We are joining our partner, Superion, in Nashville, TN this month to host a screening of our film preview and to discuss the ways data can inform the criminal justice ecosystem surrounding the intimate partner violence challenge. If you’re a Superion customer going to SUGA 2017, we look forward to seeing you there. Our film preview will be in Hermitage C at 2:15pm on June 20. We will feature our film team, as well as host a conversation with Chief Ken Shultz of the High Point Police and Shay Harger, victim services director at Family Services of the Piedmont.
Law enforcement is on the front lines of domestic violence. Before we can implement policies and procedures to hold offenders accountable, we need to get an accurate portrayal of what is happening behind closed doors in our neighborhoods, towns, and cities.
Domestic violence rears its ugly head every day where at least three people are murdered at the hands of someone they know intimately. On average, across the U.S., domestic violence homicides constitute at least a third of all homicides every year. Moreover, it’s one of the most predictable homicides law enforcement must confront on an annual basis. Officers new to the force start to see the predictable patterns emerge soon after they begin their careers. It’s for this reason, Big Mountain Data works with law enforcement to demonstrate how the data they have already in their RMS and CAD systems can reveal answers today.
Our longtime partner, SunGard Public Sector, invited us to orchestrate a panel at this year’s International Association of Chiefs of Police (IACP) conference to discuss how data analysis played a major role in the highly successful High Point Model, now recognized by the DOJ’s Office of Violence Against Women.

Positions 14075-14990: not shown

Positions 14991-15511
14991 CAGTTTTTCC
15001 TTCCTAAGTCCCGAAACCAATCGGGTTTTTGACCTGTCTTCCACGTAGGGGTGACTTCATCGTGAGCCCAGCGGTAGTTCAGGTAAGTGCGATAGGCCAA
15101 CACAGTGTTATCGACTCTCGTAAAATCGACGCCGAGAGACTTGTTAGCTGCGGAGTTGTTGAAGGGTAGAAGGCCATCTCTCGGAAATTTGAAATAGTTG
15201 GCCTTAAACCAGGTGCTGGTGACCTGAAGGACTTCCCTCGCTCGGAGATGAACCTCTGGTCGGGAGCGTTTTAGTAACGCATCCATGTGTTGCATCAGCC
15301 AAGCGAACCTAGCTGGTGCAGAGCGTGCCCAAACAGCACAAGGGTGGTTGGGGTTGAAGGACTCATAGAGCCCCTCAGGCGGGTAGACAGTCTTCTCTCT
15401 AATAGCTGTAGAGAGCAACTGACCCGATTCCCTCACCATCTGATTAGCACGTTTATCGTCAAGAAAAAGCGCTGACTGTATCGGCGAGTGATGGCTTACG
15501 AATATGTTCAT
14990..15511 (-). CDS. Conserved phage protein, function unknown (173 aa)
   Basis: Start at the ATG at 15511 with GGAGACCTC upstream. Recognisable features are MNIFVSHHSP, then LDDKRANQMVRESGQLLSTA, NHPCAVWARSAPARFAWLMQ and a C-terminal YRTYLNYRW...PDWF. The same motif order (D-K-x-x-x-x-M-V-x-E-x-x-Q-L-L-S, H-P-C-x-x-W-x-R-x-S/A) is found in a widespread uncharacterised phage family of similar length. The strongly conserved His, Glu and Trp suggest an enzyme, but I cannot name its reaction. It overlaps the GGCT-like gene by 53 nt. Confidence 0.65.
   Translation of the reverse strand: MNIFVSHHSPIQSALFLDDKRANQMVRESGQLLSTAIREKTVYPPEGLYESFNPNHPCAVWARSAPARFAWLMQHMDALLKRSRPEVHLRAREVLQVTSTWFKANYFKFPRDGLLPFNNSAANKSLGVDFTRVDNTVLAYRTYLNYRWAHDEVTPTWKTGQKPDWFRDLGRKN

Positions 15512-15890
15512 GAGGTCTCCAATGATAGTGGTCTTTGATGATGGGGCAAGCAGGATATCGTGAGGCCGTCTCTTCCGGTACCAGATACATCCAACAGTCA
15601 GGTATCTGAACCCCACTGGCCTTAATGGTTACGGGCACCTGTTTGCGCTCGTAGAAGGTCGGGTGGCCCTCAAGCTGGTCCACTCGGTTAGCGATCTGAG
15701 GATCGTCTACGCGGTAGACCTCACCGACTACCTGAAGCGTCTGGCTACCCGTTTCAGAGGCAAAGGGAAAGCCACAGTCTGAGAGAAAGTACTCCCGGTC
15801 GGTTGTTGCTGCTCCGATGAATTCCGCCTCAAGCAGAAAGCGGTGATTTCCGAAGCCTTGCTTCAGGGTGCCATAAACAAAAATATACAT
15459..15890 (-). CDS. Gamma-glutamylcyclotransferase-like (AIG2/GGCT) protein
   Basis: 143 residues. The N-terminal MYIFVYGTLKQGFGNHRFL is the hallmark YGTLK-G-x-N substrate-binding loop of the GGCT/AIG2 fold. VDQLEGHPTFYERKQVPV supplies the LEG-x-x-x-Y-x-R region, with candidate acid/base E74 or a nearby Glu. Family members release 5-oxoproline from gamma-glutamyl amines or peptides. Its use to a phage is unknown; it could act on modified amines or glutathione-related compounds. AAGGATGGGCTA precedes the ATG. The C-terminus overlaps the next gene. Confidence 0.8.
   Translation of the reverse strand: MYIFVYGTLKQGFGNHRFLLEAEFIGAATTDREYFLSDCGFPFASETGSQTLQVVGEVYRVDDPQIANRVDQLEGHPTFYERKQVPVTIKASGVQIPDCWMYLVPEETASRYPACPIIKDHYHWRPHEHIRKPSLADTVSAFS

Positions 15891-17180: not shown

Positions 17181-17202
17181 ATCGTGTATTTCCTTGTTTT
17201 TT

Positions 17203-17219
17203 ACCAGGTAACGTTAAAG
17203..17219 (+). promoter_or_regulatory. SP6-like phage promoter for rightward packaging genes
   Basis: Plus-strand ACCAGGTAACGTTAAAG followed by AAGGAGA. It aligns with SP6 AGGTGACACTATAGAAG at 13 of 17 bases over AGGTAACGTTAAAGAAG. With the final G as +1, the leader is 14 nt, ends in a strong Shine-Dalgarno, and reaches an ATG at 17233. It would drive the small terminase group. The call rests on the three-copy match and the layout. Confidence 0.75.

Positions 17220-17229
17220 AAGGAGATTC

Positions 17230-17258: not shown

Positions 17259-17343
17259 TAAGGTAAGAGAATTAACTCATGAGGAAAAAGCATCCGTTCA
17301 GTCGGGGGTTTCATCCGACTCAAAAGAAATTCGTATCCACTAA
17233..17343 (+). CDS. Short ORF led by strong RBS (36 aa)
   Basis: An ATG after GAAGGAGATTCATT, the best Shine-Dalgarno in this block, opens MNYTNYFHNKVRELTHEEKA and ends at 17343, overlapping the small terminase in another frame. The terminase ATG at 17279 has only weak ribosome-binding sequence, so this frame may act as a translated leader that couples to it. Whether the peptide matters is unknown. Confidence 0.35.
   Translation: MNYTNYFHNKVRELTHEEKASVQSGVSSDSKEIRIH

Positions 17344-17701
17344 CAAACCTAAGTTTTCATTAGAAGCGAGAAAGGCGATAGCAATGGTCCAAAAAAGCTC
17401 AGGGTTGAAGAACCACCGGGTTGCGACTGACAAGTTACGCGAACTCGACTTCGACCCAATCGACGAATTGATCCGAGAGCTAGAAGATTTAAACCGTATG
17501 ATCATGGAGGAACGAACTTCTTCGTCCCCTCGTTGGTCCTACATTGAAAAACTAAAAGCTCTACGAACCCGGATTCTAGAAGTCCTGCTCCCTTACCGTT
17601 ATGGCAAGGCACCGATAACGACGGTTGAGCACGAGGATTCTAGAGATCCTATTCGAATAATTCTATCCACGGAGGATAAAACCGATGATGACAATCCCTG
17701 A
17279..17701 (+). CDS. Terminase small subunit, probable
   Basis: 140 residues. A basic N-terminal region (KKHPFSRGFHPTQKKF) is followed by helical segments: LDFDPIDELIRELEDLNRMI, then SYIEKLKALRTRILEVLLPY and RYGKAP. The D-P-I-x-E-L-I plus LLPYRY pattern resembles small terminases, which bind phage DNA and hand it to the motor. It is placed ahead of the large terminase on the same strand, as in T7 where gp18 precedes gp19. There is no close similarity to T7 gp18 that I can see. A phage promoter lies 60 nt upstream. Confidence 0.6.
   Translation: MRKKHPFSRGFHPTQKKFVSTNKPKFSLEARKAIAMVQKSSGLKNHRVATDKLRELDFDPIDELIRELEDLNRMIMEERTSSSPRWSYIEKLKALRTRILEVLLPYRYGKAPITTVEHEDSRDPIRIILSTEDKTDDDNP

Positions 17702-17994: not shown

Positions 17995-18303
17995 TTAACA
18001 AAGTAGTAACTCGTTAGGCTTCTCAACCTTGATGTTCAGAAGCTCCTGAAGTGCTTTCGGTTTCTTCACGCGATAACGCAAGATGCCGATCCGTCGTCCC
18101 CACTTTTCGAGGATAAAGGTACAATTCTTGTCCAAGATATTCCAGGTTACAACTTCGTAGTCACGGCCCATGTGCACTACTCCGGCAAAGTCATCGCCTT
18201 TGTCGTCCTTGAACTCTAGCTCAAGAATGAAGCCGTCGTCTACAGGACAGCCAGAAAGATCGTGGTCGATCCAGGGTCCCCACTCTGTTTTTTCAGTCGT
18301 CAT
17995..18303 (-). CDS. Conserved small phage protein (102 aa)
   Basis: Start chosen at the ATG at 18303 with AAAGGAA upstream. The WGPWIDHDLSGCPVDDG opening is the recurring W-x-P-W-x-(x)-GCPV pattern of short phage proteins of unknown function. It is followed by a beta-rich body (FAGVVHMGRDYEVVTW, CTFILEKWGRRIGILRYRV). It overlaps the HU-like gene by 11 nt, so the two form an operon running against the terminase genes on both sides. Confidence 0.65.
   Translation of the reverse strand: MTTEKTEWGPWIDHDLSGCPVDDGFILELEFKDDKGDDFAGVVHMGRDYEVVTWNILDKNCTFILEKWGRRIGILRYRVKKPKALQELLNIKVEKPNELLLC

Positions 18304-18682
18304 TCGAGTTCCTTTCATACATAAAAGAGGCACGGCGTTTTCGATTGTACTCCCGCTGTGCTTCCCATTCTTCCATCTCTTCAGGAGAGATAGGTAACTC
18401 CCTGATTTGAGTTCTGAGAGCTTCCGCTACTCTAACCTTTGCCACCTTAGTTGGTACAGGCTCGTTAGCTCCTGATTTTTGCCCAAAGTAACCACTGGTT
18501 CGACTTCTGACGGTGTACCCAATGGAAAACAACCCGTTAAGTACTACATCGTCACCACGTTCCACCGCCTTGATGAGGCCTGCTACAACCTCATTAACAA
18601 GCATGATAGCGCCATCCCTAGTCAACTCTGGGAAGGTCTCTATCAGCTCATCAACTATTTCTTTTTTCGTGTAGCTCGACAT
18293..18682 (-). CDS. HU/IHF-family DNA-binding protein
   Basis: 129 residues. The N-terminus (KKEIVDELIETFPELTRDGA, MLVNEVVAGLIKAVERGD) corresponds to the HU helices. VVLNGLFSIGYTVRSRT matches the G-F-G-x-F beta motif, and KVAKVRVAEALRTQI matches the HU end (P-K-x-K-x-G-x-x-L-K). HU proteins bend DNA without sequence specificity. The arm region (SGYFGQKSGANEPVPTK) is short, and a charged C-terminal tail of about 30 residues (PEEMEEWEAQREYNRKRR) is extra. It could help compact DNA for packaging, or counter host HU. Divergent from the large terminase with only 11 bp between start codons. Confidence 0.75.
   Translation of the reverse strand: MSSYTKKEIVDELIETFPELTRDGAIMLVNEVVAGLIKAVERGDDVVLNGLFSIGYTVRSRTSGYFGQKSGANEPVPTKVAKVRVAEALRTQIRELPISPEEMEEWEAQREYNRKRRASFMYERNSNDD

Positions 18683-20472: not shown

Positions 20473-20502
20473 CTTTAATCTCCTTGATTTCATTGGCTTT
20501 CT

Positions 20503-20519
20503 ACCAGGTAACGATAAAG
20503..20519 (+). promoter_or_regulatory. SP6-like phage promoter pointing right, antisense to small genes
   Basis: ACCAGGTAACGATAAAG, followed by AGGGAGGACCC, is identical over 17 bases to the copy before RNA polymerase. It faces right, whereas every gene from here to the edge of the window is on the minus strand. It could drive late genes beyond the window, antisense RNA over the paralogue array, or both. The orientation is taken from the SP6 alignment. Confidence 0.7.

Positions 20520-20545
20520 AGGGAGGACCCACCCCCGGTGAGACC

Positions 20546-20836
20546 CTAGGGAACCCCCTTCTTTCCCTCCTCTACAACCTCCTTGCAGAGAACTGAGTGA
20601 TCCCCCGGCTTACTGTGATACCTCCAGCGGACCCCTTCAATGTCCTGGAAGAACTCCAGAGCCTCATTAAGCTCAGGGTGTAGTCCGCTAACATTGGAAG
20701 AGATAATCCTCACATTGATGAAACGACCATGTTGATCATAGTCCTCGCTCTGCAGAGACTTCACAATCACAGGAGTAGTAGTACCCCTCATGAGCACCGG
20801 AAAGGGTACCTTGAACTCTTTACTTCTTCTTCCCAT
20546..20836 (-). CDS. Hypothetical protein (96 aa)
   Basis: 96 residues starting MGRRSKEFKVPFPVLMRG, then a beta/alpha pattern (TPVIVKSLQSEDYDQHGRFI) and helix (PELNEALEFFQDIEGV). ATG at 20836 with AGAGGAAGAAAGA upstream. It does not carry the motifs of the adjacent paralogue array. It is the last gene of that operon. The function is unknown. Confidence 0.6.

The workshop will be moderated by V.P. Kevin Lafeber, of SunGard Public Sector. Participating on the panel will be retired Chief Marty Sumner, who led the domestic violence initiative for High Point for the past 7 years, as well as the crime analysis team from High Point and SunGard PS that had to modify the RMS in order to effectively implement the ground-breaking tracking system. Chief Ken Shultz will talk about future improvements and enhancements to the OFDVI strategy.
The IACP conference will be held October 15-18 in San Diego, CA. This session will fill up early, so be sure to reserve your spot.
Readers of this blog should know we’ve been working on a film since our inception. The story, which we have been calling, Turning Point, is a documentary about a city in North Carolina that got serious about its domestic violence problem. With documentaries, the power of the story sometimes reveals itself the further you get into the process. This is exactly what happened with our film team. At some point last year, we all came to the same conclusion: This story is bigger than us. We knew we had a tiger by the tail that deserved a mass audience and higher production values.
Today, after a few months of deliberation and putting the pieces together, we’re announcing we’re partnering with a world class documentary filmmaker to produce the High Point story. We’re starting over to create a feature film with an ambitious budget and with professionals who are expert filmmakers and storytellers. The amazing news is, we will continue to work on this project creatively. Our two directors will be filming and editing the story. My role will be to continue to advise on the story, and pitch in on fund-raising.